The Greek coalition government was shaken by the withdrawal of the Democratic Left from its ranks, leaving a centre-right alliance of PASOK and New Democracy clinging on to power with a majority of three seats out of 300 in the beleaguered nation’s parliament. Democratic Left took the move in response to the Prime Minister, Antonis Samaras, failing to consult his coalition partners before shutting down the national public service broadcaster, ERT, in an attempt to save public money. The immediate shutdown of ERT and firing of its 2,700 employees two weeks ago has triggered the greatest public outcry of any austerity measure yet, and has resulted in journalists occupying the broadcaster’s studios to run a TV station online. Now the state has to implement a court ruling that ERT must be re-established, but public fury remains.
With the government facing such a severe public backlash, it is questionable whether its tiny parliamentary majority can be retained for long enough to prevent a general election before the end of the year- the third general election in just two years. Such a prospect is likely to worry Greece’s creditors, who are aware that the fascist Golden Dawn party is likely to make further gains, and the hard left SYRIZA coalition may well win the largest number of seats (possibly able to build a coalition with the Communists and Democratic Left). Should these gains render pro-austerity parties to be in a minority, there will be little scope to continue the IMF/EU designed programme of spending cuts that are intended to secure returns for international investors.
The problems that we are witnessing should concern us all: this is what happens when both political and economic freedoms are curtailed: the painful decline of a developed nation to middle-income status, and the rise of crime, prejudice and generalised discord to the point where it becomes virtually ungovernable. Indeed, at a time in which foreign powers hold greater sway over a nation’s government than the citizenry does, it is difficult to think of an action so toxic for the democratic process than closing the only explicitly impartial news outlet. No wonder that it is considered unacceptable: from the Greek perspective, one could view it as further digression from the functions of a liberal and democratic society.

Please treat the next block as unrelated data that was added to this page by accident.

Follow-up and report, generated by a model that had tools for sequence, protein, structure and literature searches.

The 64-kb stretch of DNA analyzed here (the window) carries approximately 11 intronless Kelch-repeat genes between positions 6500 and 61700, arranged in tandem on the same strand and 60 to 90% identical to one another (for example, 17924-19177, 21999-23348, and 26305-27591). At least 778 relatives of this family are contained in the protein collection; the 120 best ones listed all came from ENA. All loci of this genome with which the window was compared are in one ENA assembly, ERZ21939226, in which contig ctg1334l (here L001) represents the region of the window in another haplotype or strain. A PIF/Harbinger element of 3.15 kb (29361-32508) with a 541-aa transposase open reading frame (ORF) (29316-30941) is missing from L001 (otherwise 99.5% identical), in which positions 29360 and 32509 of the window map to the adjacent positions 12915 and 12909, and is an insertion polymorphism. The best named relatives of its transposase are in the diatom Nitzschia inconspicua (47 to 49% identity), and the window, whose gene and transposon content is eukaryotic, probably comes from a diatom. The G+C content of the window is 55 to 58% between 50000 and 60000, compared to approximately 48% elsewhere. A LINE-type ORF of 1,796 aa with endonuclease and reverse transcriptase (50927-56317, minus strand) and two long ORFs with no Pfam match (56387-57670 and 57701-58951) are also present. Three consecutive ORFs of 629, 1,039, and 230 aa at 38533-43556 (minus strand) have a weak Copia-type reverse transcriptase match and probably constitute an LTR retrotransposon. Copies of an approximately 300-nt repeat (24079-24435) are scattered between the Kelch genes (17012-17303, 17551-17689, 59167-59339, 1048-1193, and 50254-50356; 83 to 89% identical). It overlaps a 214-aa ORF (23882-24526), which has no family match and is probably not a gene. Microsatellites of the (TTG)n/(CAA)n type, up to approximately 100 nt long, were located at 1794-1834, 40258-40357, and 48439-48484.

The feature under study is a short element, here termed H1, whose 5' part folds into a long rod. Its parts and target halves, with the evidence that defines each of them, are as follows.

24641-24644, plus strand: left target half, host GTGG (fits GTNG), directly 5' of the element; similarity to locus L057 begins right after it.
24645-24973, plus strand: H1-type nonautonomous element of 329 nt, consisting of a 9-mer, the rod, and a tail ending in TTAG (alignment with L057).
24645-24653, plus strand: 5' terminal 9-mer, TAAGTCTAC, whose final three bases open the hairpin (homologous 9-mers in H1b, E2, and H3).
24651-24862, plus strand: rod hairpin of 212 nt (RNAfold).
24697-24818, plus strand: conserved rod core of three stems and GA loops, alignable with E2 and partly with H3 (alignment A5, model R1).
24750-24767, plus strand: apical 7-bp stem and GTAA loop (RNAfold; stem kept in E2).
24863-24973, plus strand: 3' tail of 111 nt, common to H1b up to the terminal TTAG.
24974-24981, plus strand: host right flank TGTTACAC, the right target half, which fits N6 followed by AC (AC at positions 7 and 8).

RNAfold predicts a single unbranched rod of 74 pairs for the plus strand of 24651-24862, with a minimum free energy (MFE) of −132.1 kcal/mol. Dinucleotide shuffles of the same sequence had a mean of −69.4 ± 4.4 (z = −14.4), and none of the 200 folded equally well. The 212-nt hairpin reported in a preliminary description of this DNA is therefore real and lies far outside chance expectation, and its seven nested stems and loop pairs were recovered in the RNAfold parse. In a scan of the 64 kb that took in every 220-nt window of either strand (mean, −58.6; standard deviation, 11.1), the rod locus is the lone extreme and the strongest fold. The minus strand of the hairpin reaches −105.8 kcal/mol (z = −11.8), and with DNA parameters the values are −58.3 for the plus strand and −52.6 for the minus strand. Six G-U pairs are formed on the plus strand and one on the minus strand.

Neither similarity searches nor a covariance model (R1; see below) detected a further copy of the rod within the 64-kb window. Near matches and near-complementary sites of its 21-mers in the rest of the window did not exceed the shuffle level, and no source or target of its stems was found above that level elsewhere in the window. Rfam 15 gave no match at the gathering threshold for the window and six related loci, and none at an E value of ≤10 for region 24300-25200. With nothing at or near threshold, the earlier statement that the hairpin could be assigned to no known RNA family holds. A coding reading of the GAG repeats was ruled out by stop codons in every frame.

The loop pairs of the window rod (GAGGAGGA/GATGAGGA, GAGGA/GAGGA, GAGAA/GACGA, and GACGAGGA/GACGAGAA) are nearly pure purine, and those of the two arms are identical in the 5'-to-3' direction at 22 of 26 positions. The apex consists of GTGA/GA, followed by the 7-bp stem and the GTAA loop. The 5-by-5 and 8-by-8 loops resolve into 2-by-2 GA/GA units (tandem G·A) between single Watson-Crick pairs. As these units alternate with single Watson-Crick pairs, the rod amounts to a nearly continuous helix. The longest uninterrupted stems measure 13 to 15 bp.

The current government should ask itself if its austerity programme- which is in essence the movement of resources from the general public to bankers who made a bad investment- is still politically tenable. Their country has almost reached where something has to give: austerity, the economy, or democracy. For if SYRIZA doesn’t make it into office, desperation and poverty is such that Golden Dawn will. Perhaps there is an economic case to be made for defaulting on all foreign debt and exiting the Eurozone. For it looks like these huge sacrifices made in the name of continued Eurozone membership are no better than the pain that conversion to a devalued new currency would cause. The differences are that the former is a way of maintaining the illusion that Greece is an upper-tier economy, and the latter would allow the country to get back on its feet sooner after an explicit admission of ‘failure’.
The fact is, there are some things which cannot be cut or privatised. It seems that New Democracy and PASOK, the two parties who are responsible for the debt crisis in the first place, do not realise this. That is why many consider the end of their reign to be a change that is just a matter of months away. And to be honest, that might be the best chance for Greece.
BY: Jack Darrant